Mac Leaphart- “That Train”
Mac Leaphart’s Music City Joke is full of excellently-written songs, and “That Train” is certainly one of them. But this song might be the best example of the difference between a Single of the Year nominee, and a Song of the Year nominee. It’s a well-written track, but moreover, you also can’t help but get lost in the melody and the extended free form tail of this song. It’s the perfect listening song.
Mac Leaphart’s Music City Joke was one of the best albums released in country in 2021, but maybe some can’t appreciate a song written from the perspective of a Yamaha guitar, or a bird stuck in a house. Everyone can take a ride on “That Train.”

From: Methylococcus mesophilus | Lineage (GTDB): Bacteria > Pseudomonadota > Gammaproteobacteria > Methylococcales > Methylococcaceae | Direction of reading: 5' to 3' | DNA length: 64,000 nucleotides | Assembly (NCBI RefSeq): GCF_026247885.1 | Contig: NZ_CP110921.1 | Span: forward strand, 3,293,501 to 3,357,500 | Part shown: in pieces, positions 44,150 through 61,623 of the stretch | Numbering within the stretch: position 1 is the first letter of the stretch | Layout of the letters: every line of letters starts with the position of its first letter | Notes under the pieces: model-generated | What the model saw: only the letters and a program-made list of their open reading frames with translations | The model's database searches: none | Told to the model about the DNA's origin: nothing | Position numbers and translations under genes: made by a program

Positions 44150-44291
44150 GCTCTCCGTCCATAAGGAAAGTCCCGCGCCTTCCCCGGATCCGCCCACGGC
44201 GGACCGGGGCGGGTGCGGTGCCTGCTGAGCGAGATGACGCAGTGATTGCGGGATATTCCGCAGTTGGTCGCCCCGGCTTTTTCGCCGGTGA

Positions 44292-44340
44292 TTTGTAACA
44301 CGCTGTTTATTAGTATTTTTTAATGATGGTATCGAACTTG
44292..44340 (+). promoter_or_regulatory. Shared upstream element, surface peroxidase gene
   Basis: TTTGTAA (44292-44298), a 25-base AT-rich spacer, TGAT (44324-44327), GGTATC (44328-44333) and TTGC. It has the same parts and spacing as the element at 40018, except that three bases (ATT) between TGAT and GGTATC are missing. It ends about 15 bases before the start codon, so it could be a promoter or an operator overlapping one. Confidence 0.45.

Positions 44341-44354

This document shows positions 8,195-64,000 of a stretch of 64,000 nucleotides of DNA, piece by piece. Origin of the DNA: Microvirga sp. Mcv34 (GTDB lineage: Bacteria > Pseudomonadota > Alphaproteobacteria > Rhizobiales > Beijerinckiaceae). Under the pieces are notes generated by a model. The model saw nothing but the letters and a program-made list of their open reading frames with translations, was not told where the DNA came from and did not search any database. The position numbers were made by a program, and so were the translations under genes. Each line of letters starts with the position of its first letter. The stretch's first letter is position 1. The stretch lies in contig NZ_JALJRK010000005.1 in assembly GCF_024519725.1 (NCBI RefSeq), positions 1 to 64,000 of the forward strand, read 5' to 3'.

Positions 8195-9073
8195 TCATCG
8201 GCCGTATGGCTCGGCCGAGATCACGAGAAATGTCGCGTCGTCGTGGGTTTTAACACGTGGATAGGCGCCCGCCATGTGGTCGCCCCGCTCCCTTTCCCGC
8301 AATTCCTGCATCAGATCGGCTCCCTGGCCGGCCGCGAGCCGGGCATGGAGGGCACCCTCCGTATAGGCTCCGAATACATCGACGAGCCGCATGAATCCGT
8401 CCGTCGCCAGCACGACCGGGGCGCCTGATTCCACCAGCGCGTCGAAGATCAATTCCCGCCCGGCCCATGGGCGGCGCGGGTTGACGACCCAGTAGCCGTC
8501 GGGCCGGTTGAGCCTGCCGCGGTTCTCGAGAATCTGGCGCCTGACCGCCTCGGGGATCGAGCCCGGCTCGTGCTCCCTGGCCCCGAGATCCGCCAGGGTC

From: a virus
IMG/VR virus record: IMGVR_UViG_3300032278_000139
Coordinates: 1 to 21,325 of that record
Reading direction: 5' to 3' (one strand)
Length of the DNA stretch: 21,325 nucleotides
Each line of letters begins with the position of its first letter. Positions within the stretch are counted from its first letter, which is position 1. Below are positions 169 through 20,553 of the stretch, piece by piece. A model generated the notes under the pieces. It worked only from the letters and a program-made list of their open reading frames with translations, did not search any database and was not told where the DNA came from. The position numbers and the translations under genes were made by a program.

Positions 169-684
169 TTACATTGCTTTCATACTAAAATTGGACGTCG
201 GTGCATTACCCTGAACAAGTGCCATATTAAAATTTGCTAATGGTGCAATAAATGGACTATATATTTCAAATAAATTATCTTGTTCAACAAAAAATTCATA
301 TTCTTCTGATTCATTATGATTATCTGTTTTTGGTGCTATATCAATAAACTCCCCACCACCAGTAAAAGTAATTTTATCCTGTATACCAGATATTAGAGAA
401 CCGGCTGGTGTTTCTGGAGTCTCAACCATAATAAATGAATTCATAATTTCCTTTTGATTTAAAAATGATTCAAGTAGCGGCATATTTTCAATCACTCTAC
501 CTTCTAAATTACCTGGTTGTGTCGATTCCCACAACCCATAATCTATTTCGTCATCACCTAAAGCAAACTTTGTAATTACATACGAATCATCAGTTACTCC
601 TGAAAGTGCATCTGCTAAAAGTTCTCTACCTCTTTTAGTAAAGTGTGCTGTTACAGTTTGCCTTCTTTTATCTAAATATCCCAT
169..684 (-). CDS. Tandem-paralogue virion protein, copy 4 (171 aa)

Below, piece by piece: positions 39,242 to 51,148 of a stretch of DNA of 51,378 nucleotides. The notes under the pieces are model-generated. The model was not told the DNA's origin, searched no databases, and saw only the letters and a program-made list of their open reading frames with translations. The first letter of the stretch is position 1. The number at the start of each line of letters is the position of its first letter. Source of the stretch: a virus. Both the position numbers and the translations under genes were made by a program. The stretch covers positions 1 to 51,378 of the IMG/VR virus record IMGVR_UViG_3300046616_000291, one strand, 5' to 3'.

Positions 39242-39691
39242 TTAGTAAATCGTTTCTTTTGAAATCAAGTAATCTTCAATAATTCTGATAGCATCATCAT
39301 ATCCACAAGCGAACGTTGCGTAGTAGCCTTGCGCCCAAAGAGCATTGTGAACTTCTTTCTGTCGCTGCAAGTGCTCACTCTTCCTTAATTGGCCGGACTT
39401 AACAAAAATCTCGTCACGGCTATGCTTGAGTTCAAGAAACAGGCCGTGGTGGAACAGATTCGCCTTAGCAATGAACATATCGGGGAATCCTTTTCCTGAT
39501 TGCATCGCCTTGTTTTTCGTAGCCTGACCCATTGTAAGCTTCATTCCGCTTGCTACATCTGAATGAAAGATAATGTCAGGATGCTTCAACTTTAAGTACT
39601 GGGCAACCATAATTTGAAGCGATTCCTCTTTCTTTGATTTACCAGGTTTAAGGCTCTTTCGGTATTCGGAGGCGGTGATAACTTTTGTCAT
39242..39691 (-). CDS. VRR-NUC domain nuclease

Bobby Dove – “Chance in Hell”
Canadian country singer/songwriter Bobby Dove charmed us all with the album Hopeless Romantic, but it’s this song specifically with Jim Cuddy that really sinks its teeth into you, and evokes all the feels of classic era Patsy Cline with the style, the steel guitar, the writing, and the little tinkling piano part reminding you of Floyd Cramer, melting your country-loving heart.
Many attempt to tap into the nostalgic magic of Golden Era 60’s country in their music, but few songs and artists accomplish this as well as Bobby Dove and “Chance in Hell.”
John R. Miller – “Old Dance Floor” and/or “Faustina”